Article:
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WAMO
Broadcast areaPittsburgh metropolitan area
Frequency660 kHz
BrandingWAMO 107.3
Programming
FormatUrban contemporary
Ownership
Owner
OperatorAudacy, Inc.
History
First air date
August 25, 1960 (1960-08-25) (as WWML at 1470)[1]
Former call signs
  • WWML (1960–1978)
  • WRML (1978–1980)
  • WZGO (1980–1993)
  • WHYM (1993–1994)
  • WZGO (1994–1997)
  • WFJY (1997–2004)
  • WCIX (2004)
  • WPYT (2004–2011)
Former frequencies
1470 kHz (1960-2004)
Call sign meaning
"Allegheny, Monongahela, Ohio"
(Three rivers that meet in Pittsburgh)
Technical information
Facility ID25732
ClassD
Power1,400 watts days only
Transmitter coordinates
40°24′47″N 79°51′14″W / 40.41306°N 79.85389°W / 40.41306; -79.85389
Translator(s)107.3 W297BU (Pittsburgh)
Repeater(s)107.9 WDSY-FM HD2 (Pittsburgh)
Links
WebcastListen live (via Audacy)
Websiteaudacy.com/wamo1073

WAMO (660 kHz) is a commercial AM radio station licensed to Wilkinsburg, Pennsylvania, and serving the Pittsburgh metropolitan area. It broadcasts an urban contemporary radio format, is owned by the Martz Communications Group and is operated by Audacy, Inc., under a local marketing agreement (LMA).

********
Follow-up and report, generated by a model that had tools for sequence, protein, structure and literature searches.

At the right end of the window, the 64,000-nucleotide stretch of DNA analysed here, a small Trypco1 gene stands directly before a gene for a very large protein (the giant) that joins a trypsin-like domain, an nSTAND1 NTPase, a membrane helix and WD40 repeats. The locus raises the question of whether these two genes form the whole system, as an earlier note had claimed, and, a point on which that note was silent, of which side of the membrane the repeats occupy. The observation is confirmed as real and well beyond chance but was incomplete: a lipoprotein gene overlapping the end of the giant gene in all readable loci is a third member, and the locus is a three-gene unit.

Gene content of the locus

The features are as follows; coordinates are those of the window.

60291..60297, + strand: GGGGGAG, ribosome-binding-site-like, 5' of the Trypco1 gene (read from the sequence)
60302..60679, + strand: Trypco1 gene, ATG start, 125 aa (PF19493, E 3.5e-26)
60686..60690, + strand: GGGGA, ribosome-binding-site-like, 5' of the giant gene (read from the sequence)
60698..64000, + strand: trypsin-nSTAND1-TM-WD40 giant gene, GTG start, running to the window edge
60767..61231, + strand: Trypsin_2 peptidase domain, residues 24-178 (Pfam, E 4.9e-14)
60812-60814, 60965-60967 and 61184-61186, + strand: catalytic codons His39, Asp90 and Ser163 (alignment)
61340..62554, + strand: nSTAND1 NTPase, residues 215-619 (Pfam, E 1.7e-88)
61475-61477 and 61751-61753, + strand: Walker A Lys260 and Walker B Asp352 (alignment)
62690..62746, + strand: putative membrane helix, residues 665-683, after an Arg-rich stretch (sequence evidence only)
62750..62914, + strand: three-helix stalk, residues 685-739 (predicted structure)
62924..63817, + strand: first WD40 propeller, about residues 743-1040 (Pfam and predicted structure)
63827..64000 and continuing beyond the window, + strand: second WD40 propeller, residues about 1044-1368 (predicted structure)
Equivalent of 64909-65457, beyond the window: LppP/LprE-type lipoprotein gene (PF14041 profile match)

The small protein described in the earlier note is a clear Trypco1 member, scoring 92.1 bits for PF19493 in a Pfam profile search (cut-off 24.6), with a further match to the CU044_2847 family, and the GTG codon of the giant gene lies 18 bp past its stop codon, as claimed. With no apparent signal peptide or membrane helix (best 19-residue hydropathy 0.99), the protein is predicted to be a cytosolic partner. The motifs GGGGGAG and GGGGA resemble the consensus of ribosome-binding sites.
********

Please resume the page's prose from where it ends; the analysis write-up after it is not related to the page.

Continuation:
Its studios and AM transmitter are located in Braddock, east of Pittsburgh.

By day, WAMO is powered at 1,400 watts. To protect the nighttime signal of Class A station WFAN in New York City on the same frequency, WAMO is a daytimer, required to go off the air at night. Programming is also heard on 250-watt FM translator W297BU (107.3 MHz) in Pittsburgh. It uses the FM dial position in its moniker WAMO 107.3.

History

WAMO's translator on a SPARC HD Radio with RDS.

Early years

The station signed on the air on August 25, 1960. Initially, the station broadcast on 1470 kHz in Portage, Pennsylvania, halfway between Johnstown and Altoona, under the call sign WWML.[2] It operated as a daytime-only station.

It saw numerous changes in format (usually between country and oldies) and call sign; it was variously known as WWML, WRML,[2] WHYM, WZGO, and WFJY.[3] In 1990, 1470 finally received permission from the Federal Communications Commission to operate at night with a limited power of 88 watts. Though successful financially in its earlier years, the station and its FM sister, then known as WZGO, experienced a sharp decline during the mid 1980s, as did the local economy, in part due to the collapse of the region's steel-producing and coal-mining industries.